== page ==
(former Mind Thomas Strong recently participated in a conference on ‘competing responsibilities’ organized by Susanna Trnka and Catherine Trundle. What follows is an interview between Tom, Susanna, and Catherine on the conference theme, which dove-tails wonderfully with Bree Blakeman’s recent blogging on the concept of responsibility. Transparency: By chance I’m going to the next round of the conference in Wellington, so this is something I’ve been thinking about as well -Rx)
TS: Could you both introduce yourselves, and talk about how you came around to the question of responsibility?
[The following is an invited post by Arpan Roy. Arpan is a student of anthropology and currently an instructor of English and linguistics at An-Najah National University in Nablus. His research interests are activism and dual narratives in Israel/Palestine.]
Although I was instantly moved by the Palestinian narrative from the moment I learned of it, it would be years before I knew any Palestinians. Nor did I know any Israelis. Yet, in the bohemian subcultures of urban America, you could say that I, in the ironic words of Najla Said, ‘grew up as a Jew.’ Jews were friends, ex-girlfriends, band mates, co-workers, classmates, bosses, and professors. Some broke from the dominant Zionist narrative, while others did not. Usually we didn’t talk about it. There was enough going on with my own coming of age to get into world politics. Somehow I missed the second intifada.
Soon I’d have more to say. Once, in San Francisco, a band I was playing in broke up when the harmonium player stormed out of practice after I debuted a new song about Palestine. A few months later, in 2006, I was traveling in South America when the Second Lebanon War broke out. I was surrounded by herds of Israeli backpackers fresh out of the military. It was difficult for me not to separate the scenes of destruction I read in the news from the aloof and giddy young ex-soldiers let loose on the streets of Cuzco and La Paz. More than a few conversations went late into those nights.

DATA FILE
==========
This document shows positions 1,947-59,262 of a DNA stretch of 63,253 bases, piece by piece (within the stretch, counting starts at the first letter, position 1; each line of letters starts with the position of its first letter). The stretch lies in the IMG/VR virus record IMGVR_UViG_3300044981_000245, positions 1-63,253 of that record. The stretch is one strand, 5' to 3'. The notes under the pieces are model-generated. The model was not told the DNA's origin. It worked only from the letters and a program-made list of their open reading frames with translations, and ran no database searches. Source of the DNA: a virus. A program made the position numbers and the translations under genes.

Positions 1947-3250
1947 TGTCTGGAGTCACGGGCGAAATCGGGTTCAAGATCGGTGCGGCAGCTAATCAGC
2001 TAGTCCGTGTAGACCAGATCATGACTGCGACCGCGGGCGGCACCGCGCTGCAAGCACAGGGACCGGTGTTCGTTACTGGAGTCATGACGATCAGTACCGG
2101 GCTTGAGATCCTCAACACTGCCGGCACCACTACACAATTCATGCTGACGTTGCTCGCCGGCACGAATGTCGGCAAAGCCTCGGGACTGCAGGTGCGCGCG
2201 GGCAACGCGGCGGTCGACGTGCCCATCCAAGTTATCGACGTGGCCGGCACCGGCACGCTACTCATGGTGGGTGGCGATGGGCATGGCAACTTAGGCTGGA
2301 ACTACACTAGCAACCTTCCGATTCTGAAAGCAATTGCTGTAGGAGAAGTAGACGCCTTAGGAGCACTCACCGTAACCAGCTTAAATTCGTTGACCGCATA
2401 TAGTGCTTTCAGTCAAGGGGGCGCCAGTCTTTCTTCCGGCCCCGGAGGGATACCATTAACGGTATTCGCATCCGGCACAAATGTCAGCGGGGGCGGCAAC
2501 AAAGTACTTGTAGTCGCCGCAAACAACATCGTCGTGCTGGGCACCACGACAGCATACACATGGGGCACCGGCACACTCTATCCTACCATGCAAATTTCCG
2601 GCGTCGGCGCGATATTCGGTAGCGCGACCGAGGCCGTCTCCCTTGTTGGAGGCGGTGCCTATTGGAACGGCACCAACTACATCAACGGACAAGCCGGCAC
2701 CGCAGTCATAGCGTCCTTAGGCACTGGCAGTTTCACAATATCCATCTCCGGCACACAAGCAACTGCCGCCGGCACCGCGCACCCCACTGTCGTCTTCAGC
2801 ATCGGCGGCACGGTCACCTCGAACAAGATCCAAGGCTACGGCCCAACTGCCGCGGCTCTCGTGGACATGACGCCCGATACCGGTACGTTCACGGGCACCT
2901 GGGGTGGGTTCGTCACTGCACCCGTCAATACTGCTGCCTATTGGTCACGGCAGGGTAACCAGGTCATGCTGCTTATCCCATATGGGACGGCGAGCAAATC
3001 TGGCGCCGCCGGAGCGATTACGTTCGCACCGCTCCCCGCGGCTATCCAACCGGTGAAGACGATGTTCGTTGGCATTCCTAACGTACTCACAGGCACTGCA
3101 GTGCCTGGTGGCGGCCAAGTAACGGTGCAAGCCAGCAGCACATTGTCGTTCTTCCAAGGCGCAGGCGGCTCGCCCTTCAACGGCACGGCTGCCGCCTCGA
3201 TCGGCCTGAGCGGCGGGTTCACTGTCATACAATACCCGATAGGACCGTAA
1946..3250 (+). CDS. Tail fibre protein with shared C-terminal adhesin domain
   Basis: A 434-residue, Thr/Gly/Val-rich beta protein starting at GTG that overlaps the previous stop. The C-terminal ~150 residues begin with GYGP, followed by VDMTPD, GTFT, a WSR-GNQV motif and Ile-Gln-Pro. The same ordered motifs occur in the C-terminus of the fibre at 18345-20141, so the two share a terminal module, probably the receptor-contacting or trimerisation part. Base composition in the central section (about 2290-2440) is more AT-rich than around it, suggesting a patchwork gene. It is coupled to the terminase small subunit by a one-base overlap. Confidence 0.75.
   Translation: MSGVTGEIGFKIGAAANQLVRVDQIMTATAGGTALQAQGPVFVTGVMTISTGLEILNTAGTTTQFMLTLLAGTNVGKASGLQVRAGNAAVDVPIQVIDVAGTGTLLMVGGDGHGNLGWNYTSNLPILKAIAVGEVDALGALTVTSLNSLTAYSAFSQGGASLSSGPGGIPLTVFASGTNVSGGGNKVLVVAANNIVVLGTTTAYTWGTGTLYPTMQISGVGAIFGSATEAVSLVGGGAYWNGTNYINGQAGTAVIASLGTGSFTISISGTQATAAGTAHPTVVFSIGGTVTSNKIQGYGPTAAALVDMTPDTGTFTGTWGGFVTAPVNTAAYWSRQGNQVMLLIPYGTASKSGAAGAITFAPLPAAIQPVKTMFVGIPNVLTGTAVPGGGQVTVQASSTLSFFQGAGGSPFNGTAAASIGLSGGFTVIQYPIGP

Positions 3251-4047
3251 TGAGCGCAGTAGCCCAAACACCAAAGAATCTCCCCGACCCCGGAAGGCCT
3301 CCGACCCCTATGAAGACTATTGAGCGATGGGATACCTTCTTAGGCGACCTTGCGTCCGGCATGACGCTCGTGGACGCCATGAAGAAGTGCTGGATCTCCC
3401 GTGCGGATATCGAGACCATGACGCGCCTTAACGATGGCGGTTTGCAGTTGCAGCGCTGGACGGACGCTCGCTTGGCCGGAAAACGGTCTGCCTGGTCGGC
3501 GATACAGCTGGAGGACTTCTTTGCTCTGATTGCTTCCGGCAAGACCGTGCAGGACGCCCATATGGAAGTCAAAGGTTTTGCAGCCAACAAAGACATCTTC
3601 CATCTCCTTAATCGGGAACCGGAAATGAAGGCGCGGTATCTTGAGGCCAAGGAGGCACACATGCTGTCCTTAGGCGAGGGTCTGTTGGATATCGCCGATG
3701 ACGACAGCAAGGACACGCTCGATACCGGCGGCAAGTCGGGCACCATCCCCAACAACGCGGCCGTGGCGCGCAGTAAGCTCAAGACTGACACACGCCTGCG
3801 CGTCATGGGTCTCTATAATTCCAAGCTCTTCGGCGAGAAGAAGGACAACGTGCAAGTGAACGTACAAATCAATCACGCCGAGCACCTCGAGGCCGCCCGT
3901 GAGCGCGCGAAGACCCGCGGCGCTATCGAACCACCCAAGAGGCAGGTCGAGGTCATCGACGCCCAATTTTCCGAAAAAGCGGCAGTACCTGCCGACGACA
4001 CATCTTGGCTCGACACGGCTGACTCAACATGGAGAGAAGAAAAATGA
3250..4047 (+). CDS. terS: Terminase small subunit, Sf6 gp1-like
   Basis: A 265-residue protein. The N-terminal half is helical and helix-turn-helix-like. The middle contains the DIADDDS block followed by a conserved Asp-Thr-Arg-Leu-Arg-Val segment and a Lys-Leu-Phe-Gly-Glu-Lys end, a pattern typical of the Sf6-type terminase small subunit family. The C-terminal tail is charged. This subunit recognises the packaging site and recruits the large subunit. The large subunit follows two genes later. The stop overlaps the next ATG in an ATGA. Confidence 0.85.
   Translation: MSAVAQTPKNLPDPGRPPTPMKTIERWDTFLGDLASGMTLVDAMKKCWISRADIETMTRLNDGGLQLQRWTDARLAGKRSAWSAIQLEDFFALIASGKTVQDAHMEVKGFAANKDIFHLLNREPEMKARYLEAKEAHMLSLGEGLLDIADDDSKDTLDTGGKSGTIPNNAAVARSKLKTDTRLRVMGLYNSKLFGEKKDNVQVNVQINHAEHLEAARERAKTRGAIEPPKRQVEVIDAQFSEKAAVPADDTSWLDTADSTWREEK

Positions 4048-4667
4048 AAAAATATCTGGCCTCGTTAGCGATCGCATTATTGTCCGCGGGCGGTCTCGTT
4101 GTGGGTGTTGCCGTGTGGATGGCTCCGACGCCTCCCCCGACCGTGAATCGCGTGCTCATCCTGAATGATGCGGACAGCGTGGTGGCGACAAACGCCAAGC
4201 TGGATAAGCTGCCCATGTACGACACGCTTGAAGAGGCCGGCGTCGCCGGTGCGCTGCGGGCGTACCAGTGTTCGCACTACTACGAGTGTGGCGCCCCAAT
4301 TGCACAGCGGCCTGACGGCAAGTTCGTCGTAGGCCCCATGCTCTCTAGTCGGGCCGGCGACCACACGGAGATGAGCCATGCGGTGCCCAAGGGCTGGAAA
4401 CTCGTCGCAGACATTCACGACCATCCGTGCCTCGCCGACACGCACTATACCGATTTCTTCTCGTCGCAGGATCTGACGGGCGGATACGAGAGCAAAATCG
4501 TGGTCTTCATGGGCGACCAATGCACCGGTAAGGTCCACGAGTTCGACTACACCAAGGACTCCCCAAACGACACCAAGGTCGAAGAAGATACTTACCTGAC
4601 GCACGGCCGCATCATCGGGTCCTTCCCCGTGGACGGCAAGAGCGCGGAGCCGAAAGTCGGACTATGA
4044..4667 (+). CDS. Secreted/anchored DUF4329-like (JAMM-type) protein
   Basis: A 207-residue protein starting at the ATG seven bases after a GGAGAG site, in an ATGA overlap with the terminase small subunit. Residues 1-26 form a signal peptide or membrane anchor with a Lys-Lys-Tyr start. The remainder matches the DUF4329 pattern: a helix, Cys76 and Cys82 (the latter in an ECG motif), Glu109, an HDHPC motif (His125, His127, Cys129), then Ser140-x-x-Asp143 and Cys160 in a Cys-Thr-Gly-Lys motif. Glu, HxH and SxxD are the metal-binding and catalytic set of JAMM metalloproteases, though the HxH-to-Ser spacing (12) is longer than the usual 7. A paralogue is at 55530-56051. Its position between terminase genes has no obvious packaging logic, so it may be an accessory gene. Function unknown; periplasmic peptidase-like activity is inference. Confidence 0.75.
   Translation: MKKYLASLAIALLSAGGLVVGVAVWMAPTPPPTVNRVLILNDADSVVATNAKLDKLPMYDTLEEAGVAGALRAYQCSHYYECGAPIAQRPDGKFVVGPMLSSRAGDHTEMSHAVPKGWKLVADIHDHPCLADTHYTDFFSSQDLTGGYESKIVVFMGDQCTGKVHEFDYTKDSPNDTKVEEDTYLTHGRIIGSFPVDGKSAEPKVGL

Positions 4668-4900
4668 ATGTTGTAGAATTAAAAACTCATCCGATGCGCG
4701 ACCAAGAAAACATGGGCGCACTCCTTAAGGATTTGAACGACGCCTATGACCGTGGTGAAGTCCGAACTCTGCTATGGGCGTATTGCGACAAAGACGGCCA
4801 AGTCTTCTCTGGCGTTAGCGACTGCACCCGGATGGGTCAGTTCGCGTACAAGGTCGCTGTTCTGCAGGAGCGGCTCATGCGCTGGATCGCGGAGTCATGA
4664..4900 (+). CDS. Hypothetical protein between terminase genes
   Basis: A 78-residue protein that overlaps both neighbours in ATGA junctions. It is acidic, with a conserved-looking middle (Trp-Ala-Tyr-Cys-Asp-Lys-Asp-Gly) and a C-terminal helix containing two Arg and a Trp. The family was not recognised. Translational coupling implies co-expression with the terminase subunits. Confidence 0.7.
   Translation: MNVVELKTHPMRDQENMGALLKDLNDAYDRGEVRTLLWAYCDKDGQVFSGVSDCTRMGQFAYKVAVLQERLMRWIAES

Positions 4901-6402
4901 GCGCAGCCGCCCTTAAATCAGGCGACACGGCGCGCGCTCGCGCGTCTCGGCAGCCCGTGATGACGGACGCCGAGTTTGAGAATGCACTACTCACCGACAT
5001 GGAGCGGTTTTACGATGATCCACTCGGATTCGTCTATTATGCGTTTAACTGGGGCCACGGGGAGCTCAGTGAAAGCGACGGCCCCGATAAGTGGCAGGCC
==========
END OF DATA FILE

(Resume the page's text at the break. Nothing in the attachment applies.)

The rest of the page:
Over at the BBC’s “Future” website, science journalist Rachel Nuwer has a 2,000 word piece up entitled Anthropology: The sad truth about ‘uncontacted tribes’. The piece focuses on Latin America, but is refreshing because it manages to avoid the usual clichés about ‘stone age innocents’. “Today’s so-called uncontacted people all have a history of contact, whether from past exploitation or simply seeing a plane flying overhead,” Nuwer writes. “It is almost always fear that motivates such hostilities and keeps isolated groups from making contact. In past centuries and even decades, isolated tribes were often murdered and enslaved by outsiders.”
[Savage Minds welcomes guest blogger Uzma Z. Rizvi.]
In reading news about Gaza, Syria, and Iraq (among other places), I have been actively searching for spaces of humanity and hope in the world around me. Where is that space in which we trust other human beings, the people we do not know and may or may never intersect with again? I have been thinking about how we might design trust and co-operation into our urban fabric and the ways in which we traffic ourselves through our every day.